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[For context, often times when you are traveling to a new country and it’s too unfamiliar (whether it be from the transportation style, interpersonal behaviors, lifestyle pace, or type of cuisine), the trip ends up feeling more exhaustive than healing, especially.. when you’ve decked out a week’s itinerary befitting a music band on tour]. Fortunately now, due to the the rampant innovation, cultural and people exchange, and systemic adoption of technologies that have lead economic centers to operate and appear fairly similar to one another, one can expect a growing predictability for navigation and assimilation in any urban or cosmopolitan city. You will quickly feel that New York reminds you of London, London of Seoul, and that Seoul reminds you in turn of a bit of Paris.
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Shoreditch Grind – I really appreciate the energy of this neighborhood.

 

Coffee shops were frequented, a disgusting amount of desserts were dabbled in, and dance floors conquered. I ate this delicious cheese that tasted like caramel fudge (The Gjetost! Mon dieu!). I even danced my first Scottish dance, and met a gentleman in full Scottish garb with dagger.

 

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What is life without dancing to techno in a room full of old master paintings?

 

Amidst the buzz of catching up with old friends and partaking in some good old entertainment, I was able to spend a great chunk of my stay exploring and appreciating all that nature had to offer unique to the terrain [and sheer size] of its country.

 

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Out to see a boat race on the River Cam.

 

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It was the first time in my life experiencing first-hand so many kinds of birds (they were everywhere, omnipresent, realy all about England) and I’m certainly leaving Heathrow with a newfound affinity for them. Watching their activity across various environments, feeding,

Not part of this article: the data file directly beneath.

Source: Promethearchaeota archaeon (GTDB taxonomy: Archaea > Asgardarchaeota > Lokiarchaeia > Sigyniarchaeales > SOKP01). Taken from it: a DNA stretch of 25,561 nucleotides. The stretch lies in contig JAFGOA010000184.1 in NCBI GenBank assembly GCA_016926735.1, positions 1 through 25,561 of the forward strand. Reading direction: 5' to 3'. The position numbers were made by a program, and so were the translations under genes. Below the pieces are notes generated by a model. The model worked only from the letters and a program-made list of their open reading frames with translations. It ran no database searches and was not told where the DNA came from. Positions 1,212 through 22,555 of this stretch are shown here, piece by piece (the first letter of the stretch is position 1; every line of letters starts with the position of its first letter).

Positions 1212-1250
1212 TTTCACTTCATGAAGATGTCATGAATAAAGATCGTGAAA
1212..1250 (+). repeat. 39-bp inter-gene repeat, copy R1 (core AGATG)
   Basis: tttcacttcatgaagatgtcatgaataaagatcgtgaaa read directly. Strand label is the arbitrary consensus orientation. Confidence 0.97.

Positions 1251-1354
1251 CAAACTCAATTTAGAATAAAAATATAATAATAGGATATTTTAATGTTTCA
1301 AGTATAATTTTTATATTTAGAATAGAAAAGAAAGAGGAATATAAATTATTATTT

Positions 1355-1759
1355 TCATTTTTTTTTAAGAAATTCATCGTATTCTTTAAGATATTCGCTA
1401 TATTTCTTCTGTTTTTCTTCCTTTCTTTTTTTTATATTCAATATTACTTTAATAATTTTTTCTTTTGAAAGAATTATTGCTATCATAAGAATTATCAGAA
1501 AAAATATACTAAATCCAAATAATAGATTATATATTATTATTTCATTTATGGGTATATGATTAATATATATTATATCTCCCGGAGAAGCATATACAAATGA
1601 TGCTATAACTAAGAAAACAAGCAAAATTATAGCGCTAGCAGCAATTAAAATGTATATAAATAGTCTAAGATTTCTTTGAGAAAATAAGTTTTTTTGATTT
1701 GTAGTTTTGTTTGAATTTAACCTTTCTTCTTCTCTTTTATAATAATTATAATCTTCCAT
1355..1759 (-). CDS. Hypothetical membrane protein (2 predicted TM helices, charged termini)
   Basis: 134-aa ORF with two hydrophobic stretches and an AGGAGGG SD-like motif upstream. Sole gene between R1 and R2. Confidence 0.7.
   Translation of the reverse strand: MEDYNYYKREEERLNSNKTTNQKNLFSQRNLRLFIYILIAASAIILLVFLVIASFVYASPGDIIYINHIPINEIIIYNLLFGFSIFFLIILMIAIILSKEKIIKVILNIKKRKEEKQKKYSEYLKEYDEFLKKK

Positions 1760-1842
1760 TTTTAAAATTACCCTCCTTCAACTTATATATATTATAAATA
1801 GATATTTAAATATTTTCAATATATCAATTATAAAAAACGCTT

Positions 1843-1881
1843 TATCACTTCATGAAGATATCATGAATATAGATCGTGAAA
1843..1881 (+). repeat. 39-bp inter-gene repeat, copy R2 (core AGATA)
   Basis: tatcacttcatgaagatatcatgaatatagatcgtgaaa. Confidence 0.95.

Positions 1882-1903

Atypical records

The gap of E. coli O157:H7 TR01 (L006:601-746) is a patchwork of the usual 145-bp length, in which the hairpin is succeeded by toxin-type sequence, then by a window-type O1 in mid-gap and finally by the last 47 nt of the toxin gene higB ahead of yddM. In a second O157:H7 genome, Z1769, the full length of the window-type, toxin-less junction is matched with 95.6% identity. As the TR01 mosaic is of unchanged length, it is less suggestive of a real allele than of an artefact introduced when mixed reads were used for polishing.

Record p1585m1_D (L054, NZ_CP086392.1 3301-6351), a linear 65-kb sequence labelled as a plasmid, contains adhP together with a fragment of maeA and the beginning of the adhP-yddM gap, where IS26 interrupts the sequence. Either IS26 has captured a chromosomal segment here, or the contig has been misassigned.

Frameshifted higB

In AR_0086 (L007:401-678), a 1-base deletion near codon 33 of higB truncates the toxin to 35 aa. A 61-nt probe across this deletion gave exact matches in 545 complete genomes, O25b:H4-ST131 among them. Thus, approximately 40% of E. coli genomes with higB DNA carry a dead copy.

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Imagine seeing a horde of birds feeding and sticking their butts in the air as if under a spell of strange choreography, and seeing this against a backdrop of some beautifully landscaped park or skyline– it’s comical.

and passing so gracefully through the weeping branches of willow trees all lent me feelings of relaxed freedom and calm. I felt very glad.IMG_9721.JPG

The pigeons and the geese here were also surprisingly cute here and I sympathize a bit for the ones back home (perhaps if we didn’t treat ours like termites, they might appear more clean and endearing like the ones in England, I don’t know).

I also saw herds of cows in their natural habitat during my walks which was really nice.

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Like Gustav Klimt’s The Park. I grew up in a suburban area and close to New York, the city of cities, so I was never exposed to much of anything nature outside of grass, skinny trees, and mountain trails my family would take road-trips to. And half of my childhood interaction with nature was spent in the shelter of a car, with me looking through a window.

 

I walked nice trails in well protected parks multiple-vehicles-wide. And oh! Everything was so well gardened and trimmed.

I smelled flowers with aromas so strong and heavenly I became overwhelmed with feelings of different shades I’ve never felt before.

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Captured in a 4 x 6: Me becoming overwhelmed by nature.